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Lostwithiel — Cornwall, England

Lostwithiel was founded by the Normans approximately 800 years ago for the purpose of exporting tin. The Fowey River was wide and deep helping to make Lostwithiel the second busiest port on the south coast of England.

LostwithielBy the 13th century it was considered to be the capital of Cornwall. The town flourished until the River Fowey silted up from the tin mines, eventually restricting the size of the vessels that were able to use the quay. The town is located in a beautiful wooded valley at the River Fowey and being centrally located, it is within easy access to both coasts of Cornwall. Additionally, Saint's Way Trail, also known as the Mariners' Way passes through this beautiful countryside; and the river runs through the town which is well known for its many antique shops, its easy access to the Eden Project, and other points of interest. In addition to antiquing, one can visit in May when the Lostwithiel Festival takes place as part of the week-long Daphne du Maurier Festival.

At present Lostwithiel utilizes part of the historical Duchy Palace buildings, where long ago the Stannaries and the Public Convocations were held, to house the local Masonic Lodge, a printer's, and the antique shops for which Lostwithiel is known. The original Palace was a large complex of buildings which has since been sold off primarily for private ownership. Duchy Palace was not actually a palace but rather a Great Hall modeled after the Great Hall of Westminster, circa 1280. According to the records, Lostwithiel's "Great Hall" was completed circa 1300, and was thereafter referred to as Duchy Palace which was befitting for the grandest complex in the Duchy during that era.

One of the oldest bridges still in existence in Cornwall is Lostwithiel Bridge dating back to the 1200's. The exact date of construction is unknown; however the western arches of the bridge classify it as l3th Century. One of the earliest references to Lostwithiel Bridge was made by the Bishop of Exeter in 1314; and another by Edward, the Black Prince giving instructions in 1357 for the bridge to be repaired. During the reign of Henry IV, a wealthy merchant, Walter Wooley, arranged for the leasing of lands with the revenue to be used for maintaining both the old bridge, and the Church of Bartholomew.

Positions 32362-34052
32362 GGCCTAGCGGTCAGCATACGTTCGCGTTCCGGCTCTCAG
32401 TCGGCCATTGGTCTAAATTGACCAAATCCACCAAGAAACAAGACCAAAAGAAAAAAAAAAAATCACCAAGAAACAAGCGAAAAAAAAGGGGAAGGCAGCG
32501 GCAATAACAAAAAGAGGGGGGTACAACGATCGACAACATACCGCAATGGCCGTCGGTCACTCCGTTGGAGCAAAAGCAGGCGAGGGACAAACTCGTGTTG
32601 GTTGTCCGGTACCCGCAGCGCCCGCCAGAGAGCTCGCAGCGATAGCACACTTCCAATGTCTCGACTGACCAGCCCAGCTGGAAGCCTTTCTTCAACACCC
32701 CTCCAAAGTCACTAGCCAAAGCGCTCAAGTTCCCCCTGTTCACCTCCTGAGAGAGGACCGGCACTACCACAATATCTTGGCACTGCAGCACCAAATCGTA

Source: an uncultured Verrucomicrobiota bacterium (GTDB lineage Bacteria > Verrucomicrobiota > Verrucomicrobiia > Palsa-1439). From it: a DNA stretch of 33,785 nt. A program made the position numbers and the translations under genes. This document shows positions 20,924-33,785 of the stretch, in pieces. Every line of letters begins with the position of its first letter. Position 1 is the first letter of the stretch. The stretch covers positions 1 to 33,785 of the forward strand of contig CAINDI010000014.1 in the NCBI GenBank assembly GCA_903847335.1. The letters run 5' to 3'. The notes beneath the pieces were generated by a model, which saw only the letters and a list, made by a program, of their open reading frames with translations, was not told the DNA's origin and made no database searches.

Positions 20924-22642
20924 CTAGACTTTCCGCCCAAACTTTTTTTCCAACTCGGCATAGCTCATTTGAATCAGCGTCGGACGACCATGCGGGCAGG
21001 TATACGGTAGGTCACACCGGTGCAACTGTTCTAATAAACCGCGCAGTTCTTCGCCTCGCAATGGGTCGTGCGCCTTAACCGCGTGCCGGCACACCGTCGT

The Church is dedicated to St. Bartholomew, Patron Saint of Tanners. The foundations are believed to be from an earlier Church built circa 542, and it is believed that Robert de Cardinan began the work of building the original St. Bartholomew's on the old foundation in the year 1190. An outstanding feature of the Church is the Lantern Spire, a Breton influence, circa 14th century; and the great eastern window is one of the finest in Cornwall. At one time the arches below the Spire were open with a right of way through the tower, but was closed during the restoration in the late 19th century. Two of the oldest antiquities are a monument to memorialize Tristram Curtys, a Parliamentarian who represented Lostwithiel from 1419-1421; and the Pentewan stone font, circa 13th century, dating from the reign of King Henry III. Part of the Church's history even includes occupation by Parliamentary forces during the Civil War, whereby they stabled their horses in the Church.

Due its size and age, revenue for maintenance and repairs are continually in a shortfall, giving rise to The Friends of St. Bartholomew Church (FOSB) whose sole aim is fund raising to ensure that the Church will not fall into disrepair.

Where is Lostwithiel?

Lostwithiel is located in Cornwall, England, on the A390 between Liskeard and St. Austell. The nearest populated areas include Bodmin to the north and St. Austell to the south.

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